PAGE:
Writer: McCale Ashenbrener
Alexander Graham Bell famously wrote, “When one door closes, another one opens.” It is an insufficient analogy for the coronavirus pandemic, that seems to close doors as soon as we can pry them open. Yet there have been insights, adjustments, and bright spots as everyone has been forced to reflect and pivot during these strange times. These local Eagle businesses share how they have innovated and grown in the face of adversity.
Idaho Central Credit Union, Chief Executive Officer Kent Oram.
A member-owned, full-service financial institution with the mission to help members achieve financial success.
We have had the opportunity to help members who were struggling with employment changes and loss of income. ICCU was also able to help many businesses through the Paycheck Protection Program (PPP) program. While we have always had online options such as our online banking app, Card Control, video chat and mobile deposit, we have been able to increase the usage of these options. These services allow members to work with us face-to-face and perform almost any transaction without leaving their homes. Members who have never used our online services learned to use them out of necessity and The Green Team was there to help them every step of the way. Our ability to assist our members online, from wherever they are, has been one of our biggest successes.
Bridal by Marie, Owner Susan Ballard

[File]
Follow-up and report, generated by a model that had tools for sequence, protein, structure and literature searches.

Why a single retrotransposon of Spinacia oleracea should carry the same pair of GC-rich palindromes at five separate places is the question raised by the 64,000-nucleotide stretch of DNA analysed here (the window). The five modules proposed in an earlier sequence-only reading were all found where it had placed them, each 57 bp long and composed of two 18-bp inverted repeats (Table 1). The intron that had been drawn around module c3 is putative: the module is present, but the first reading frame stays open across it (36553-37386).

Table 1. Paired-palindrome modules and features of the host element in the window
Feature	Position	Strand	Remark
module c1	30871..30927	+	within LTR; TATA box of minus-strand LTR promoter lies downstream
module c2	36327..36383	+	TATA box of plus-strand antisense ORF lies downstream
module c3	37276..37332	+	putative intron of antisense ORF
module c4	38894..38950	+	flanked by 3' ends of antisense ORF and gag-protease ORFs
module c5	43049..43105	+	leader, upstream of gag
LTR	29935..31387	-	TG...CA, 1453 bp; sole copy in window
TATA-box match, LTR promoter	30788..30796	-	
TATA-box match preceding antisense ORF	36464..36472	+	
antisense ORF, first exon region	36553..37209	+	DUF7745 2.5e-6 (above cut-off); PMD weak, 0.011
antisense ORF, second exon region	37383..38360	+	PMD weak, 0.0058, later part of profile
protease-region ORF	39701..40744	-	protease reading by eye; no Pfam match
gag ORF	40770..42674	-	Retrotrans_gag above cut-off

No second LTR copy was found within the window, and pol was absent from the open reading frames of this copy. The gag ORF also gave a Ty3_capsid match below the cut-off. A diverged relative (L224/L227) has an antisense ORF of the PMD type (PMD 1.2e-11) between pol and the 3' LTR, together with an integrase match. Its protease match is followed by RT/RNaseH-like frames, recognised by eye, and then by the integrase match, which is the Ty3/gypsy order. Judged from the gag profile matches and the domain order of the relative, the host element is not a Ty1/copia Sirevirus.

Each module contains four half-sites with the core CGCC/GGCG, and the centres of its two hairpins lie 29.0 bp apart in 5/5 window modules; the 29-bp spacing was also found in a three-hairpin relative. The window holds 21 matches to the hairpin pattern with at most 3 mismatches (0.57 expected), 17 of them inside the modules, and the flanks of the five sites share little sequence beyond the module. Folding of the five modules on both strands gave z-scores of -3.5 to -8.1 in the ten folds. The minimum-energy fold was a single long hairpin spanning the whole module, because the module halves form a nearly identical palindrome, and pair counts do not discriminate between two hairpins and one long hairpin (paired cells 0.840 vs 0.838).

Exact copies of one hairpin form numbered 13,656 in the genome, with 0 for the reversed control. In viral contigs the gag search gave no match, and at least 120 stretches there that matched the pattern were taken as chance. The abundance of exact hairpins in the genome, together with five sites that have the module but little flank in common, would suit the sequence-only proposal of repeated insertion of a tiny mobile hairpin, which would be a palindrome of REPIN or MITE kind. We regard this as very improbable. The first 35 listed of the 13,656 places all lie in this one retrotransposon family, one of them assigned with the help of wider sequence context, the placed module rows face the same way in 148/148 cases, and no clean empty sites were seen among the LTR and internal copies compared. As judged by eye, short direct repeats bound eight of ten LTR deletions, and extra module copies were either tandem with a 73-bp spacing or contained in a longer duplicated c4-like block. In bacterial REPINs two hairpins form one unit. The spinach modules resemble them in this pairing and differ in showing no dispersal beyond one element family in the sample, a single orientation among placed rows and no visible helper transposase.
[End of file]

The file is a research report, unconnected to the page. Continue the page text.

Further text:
Upscale Bridal Boutique in Eagle, Idaho
The insights and reflections are vast and profound, but the most important one is seeing how this pandemic has emotionally affected my customers. Who would have ever thought that a pandemic would alter one of the most important days in a couples’ life? Plans change by the week, guest lists have to be adjusted, venues changed, destination weddings cancelled, and the wedding that was being planned for perhaps a year or more is suddenly not the one envisioned. I not only can empathize with my customers, but I feel their sorrow, frustration and disappointment, because I, too, have had to postpone my own wedding that was planned for September 2020.
One of the most positive consequences as a business owner is the feeling of community and the sense of support within the wedding industry. We are all affected by this pandemic: floral designers, DJs, musicians, bands, photographers, videographers, stylists, planners, the list goes on and on. We’re all in the same boat and understand the challenges faced with a profound adjustment in cash flow when weddings are being postponed and/or cancelled. In addition, I am most appreciative and thankful to my vendors who are very understanding and sympathetic to me being a small business owner.
Roost Gift and Home, Owner Laurel Meyer
Serving the Treasure Valley Community, and beyond, for all of their gifting needs. Also providing the community with a selection of the latest in seasonal, and home accent trends.
Since the pandemic, folks are spending more time at home, and have enjoyed purchases that enhance and update their home space, as well as indulging in candles, home fragrance, and bath and body products, to enjoy at home.
We used our time during the pandemic closure, to create and implement a brand-new shopping website where our customers can shop online, and pick-up curbside. We have always had this goal and the pandemic gave us the time, and the need to prioritize it.